Front Row Fashion PR: Q&A with Chandler Poling, White Bear PR

Los Angeles-based Chandler Poling has honed his craft working in the fashion and entertainment business as both a producer and publicist. As Vice President for CW3PR,  Chandler ran two successful Emmy Award campaigns and worked second-in-command under Charley Walters to help expand the company from 3 clients to 11 clients in a matter of months, including Kathy Rose of Roseark Jewelry, couture designer Emil Gampe and Samantha Rei, America’s leading Lolita fashion designer.  About six months ago, Chandler opened up his own shop, White Bear PR, to provide PR in the fashion, entertainment and music industries with a focus on social media marketing.

How did you get started in PR?

I started by promoting a friend’s brand, Blasphemina’s Closet. I felt she had amazing potential and apart from our friendship, I knew her designs were incredible and that I could help her reach her PR goals.

What do you love about your job?

I love working from the ground up. I enjoy spotting raw talent, harnessing it and molding it into a form that is digestible to the public and watching the client excel into a solo-venture career where fashion supports them 100%.

What is your least favorite part?

The amount of time it takes. Typical PR campaigns don’t see high end results until 2-3 years later.

How have you seen fashion PR evolve since you started in the industry?

A lot of power has shifted from major magazines like Vogue to online hits like Women Wear Daily. I think the balance of influence is needed so one company doesn’t control what is chic and what is not.

Who is an ideal White Bear PR client?

An ideal client would be someone who has great designs, is a self-starting work horse and has a modest budget towards PR (p.s. PR is not free)

What attracted you to your current clients?

I only work with people I like. I don’t have time for divas or attitudes. Great clients have goals and stick them out to the end.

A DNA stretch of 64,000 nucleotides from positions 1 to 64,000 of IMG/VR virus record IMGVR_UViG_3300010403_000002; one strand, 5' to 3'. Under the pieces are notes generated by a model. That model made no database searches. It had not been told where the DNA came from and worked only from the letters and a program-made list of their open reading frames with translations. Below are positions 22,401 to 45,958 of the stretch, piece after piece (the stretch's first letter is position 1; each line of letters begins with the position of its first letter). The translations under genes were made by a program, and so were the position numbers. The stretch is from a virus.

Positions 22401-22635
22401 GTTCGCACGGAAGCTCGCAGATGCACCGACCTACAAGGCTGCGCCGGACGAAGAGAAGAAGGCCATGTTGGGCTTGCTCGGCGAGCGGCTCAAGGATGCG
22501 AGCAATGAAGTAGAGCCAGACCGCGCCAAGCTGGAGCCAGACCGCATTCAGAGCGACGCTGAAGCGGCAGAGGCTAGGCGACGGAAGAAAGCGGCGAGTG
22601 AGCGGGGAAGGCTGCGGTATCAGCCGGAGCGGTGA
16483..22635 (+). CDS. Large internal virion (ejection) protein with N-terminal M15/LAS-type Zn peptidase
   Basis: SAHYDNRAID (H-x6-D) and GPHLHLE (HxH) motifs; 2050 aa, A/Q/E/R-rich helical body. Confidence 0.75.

What role does product placement play in your work?

I used to work for NBC on the show “Heroes” where I did a lot of product placement. However in that circumstance, I rarely worked with apparel except one deal with Nike in Season 3. Currently, I pair up my fashion clients with my film/tv clients so their designs can be seen in beautiful photoshoots or red carpet events.

How can a designer know when they are ready to hire an agency?

When they start their own trends instead of following what’s hot.

If a client is focused on a particular fashion niche, what is your process to get up to speed on that particular facet of fashion?

I buy every magazine on that niche at the newsstand and devour the subculture so I can better understand what the market is looking for in that niche.

What advice do you provide clients with regard to building their brands through social media?

I always tell them to be proactive and interact with individuals. It’s important as you are starting out to build strong relationships with long term clients. A first time client who buys your designs is someone who could buy items off your next time. Keep in touch with them through Social Media and events and never underestimate them.

Get in touch with Chandler on Twitter.


About This Author

Known as the “fashion publicist’s most powerful accessory,” (San Diego Union-Tribune) and the “West Coast ‘It’ girl of fashion PR,” (YFS Magazine) Crosby Noricks put fashion public relations on the digital map when she launched PR Couture in 2006. She is the author of Ready to Launch: The PR Couture Guide to Breaking into Fashion PR, available on Amazon. Crosby spends her time managing PR Couture and mentoring fashion publicists through PRISM and Instappable, as well as the biannual NYC workshop, Fashion PR Confidential. Occasionally, she opens up limited consulting spots for emerging brands through her signature offering, The Brand Elixir.